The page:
Wednesday, November 26, 2014

The Accidental Alchemist by Gigi Pandian

Zoe Faust, alchemist, herbalist and semi-immortal, has stopped her long years of wandering across America to finally settle in her new home in Portland. She’s finally ready to set down some roots and let go of the pain of the past.

But her fresh start wasn’t intended to include a stow-away gargoyle in her storage crates. Dorian needs an alchemist, desperately, as his body is turning back to stone and only a studious alchemist can reverse that if they can interpret the book he has…

…which is then stolen at the same time as a murder victim is dumped on her porch. Not exactly the most welcoming of homewarmings.

We have a lot of original elements to this book which first drew me to it. The whole use of Alchemy, a form of magic that has very little in the way of flashy moves or deus-ex story fixing definitely intrigues me. It has a presentation of longevity that manages to be angsty but in a more reasonable fashion than the over the top dramatic moping I’ve come to know and loathe. A gargoyle is definitely a nice touch and it all comes together very well. Even the way Zoe is inserted into the mystery generally works well – it gives her a motive and a need to be involved without any sense of the protagonist randomly inserting themselves where they don’t belong.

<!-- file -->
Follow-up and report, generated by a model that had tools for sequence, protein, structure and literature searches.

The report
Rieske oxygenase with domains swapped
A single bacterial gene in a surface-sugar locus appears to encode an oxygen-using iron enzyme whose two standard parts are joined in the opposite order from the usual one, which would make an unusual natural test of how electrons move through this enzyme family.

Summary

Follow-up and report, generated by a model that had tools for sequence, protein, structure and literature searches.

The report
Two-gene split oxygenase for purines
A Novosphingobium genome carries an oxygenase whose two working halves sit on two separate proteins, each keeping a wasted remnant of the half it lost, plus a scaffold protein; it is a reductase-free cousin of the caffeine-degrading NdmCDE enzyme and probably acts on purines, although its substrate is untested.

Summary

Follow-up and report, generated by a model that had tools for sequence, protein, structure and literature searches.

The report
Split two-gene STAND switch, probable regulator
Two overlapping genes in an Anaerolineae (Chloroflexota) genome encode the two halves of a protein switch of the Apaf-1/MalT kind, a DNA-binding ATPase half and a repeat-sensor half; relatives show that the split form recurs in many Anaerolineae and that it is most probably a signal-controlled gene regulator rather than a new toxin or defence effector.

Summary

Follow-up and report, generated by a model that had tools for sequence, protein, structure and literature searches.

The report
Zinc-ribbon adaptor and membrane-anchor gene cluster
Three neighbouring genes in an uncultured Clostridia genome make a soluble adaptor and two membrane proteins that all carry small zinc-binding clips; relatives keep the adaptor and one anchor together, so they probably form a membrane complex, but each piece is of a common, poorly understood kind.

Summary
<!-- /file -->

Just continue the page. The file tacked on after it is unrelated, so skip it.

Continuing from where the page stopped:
There’s also a lot of research in this book that really shows in the writing – the history that has been delved to has informed the characters and added some nice substance to the overall book

This is all very promising but the plot falls down in one main way – the pacing. The pacing of this book is really slow, there’s a lot of time spent describing situations and experiences and Zoe’s past. There’s also a lot of time spent with Zoe being involved in Brixton’s life and his drama and even more time spent cooking and describing that cooking in detailed terms. On top of this we have her moving into the new rickety house and the problems inherent with that and her general getting by in her new neighbourhood. It’s frustrating because we’re hammered home by Dorian how very very urgent and essential it is that a solution to his petrification be found but there’s absolutely no urgency from the characters themselves, the narrative or any interaction.

In some ways, though, this slowness adds to the theme of Zoe not really knowing what to do and having all this urgency she has few tools to deal with. Ultimately, Zoe is severely out of her depth. She isn’t an investigator and she doesn’t want to be one, she has spent much of the last few decades keeping to herself and keeping her secrets – these are things she wants to go on doing. Still, even with that thematic note, the story needed advancing and there just needed to be more urgency injected into the characters – Zoe taking regular leisurely walks or stopping for tea destroy any sense of her being hurried or being even slightly aware of the time constraints she’s under. I’m not saying they’re poorly done – she managed to make the food sound pretty appetising, for example – but they were out of place and often severely in the way. This isn’t a recipe book and in storyline with such urgency, I shouldn’t feel like I’ve been dropped into one